The current crisis has also had positive effects at Sponda. Even though the new practices for interacting with colleagues were created mainly for the purpose of coping with the exceptional circumstances, the virtual sense of community has surprisingly improved co-operation between teams.
Remote work has encouraged people to reach across the boundaries between teams and job descriptions.
In practice, this means that, for example, people no longer look for answers from the person who sits the closest to them. Instead, they turn to those who have the most knowledge about the topic at hand.
Both Reijonen and Nolvi feel that the exceptional situation has brought Sponda’s employees together in a new way and created an even stronger sense of cohesion.
“Remote work has encouraged people to reach across the boundaries between teams and job descriptions, creating an opportunity for the creation of new kinds of collaborative networks,” Reijonen explains.
Nolvi says the current situation has also given people the opportunity to learn new things about their colleagues.
“Virtual break room chats and photo challenges have given our employees new insight into the thoughts and daily life of their colleagues and increased familiarity between people. This makes workplace interactions smoother and more enjoyable,” Nolvi points out.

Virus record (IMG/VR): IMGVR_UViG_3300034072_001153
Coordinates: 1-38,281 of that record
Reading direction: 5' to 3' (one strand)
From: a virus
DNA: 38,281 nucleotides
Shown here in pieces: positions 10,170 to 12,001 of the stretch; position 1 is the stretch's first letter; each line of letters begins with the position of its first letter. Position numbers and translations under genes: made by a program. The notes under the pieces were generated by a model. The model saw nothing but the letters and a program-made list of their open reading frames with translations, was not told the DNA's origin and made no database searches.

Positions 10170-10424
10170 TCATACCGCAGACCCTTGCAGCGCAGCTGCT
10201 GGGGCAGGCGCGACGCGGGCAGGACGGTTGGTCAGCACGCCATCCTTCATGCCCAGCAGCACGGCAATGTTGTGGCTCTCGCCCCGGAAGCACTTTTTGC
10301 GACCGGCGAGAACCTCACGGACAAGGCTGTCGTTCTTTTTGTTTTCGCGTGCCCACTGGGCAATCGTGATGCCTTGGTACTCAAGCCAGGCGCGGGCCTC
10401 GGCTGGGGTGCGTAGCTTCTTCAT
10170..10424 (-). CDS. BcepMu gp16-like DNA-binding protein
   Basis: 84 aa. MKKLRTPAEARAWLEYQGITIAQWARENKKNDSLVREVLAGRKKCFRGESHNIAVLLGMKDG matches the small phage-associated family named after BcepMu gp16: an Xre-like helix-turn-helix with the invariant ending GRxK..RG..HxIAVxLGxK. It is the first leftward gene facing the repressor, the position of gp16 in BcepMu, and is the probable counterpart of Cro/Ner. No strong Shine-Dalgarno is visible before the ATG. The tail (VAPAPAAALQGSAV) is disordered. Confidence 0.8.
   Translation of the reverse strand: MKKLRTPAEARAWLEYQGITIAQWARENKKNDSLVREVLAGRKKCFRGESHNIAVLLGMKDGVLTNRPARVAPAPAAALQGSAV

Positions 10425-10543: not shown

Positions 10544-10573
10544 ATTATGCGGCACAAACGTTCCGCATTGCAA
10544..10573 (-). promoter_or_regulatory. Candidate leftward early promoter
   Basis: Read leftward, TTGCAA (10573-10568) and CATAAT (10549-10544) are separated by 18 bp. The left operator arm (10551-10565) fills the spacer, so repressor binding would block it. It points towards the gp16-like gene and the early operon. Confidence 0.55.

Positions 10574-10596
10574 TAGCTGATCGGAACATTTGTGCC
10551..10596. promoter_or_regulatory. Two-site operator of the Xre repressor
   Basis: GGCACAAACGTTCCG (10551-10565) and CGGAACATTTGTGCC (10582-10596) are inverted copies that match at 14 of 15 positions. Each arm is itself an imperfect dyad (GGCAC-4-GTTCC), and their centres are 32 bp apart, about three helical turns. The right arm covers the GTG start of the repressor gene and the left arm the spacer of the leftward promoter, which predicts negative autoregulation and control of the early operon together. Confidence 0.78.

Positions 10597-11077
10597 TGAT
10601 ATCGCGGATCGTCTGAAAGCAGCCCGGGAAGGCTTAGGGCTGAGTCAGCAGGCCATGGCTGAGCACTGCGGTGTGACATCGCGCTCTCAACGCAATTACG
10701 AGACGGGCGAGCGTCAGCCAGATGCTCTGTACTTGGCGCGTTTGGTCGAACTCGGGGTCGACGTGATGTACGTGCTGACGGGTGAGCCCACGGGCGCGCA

Management and HR play a key role
Nolvi believes that the enthusiasm and active engagement among the employees stem from the supportive attitude of Sponda’s management and HR.
People’s ideas are genuinely listened to and the employees are given the green light to put their ideas into action. According to Nolvi, each employee’s immediate supervisor plays a particularly important role in fostering a culture of innovation and encouraging the creation of ideas.
Even though the growing coronavirus pandemic is perceived as a situation that, in many ways, makes business more difficult and creates a burden on employees, Sponda’s employees also see it as a big opportunity to create new operating models and strengthening the corporate culture.
“Corporate culture and innovation can take a big leap forward if we give them the room to grow,” Reijonen says.
Tips from Sponda’s HR for remote work that is rich in ideas:
- Create effective platforms for virtual collaboration and make sure everyone knows how to use them (at Sponda, everything is done over Teams).
- Put the ball in the employees’ court and invite ideas on how to make the most out of remote work.
- Be prepared to invest in the ideas that are the most popular among the employees and put those ideas into action.
- The prevailing unusual circumstances lower the threshold for experimentation. This is a great time to test good remote work practices and customer service ideas, even if they haven’t quite taken their final form yet.
- If you want to have more control over remote work, let the employees come up with ideas on suitable ways to provide updates.
- Set a good example: your own remote work practices should be characterised by openness and eager engagement with new ways of keeping in touch.
- Make sure that help is available to those who find remote work challenging (e.g. Sponda’s employees have access to an occupational psychologist who also provides remote consultations).
- Make sure the employees have access to the latest official information on the coronavirus situation and its impact on the company as well as instructions on what to do next.
Expert: Sponda’s HR Director Marcus Reijonen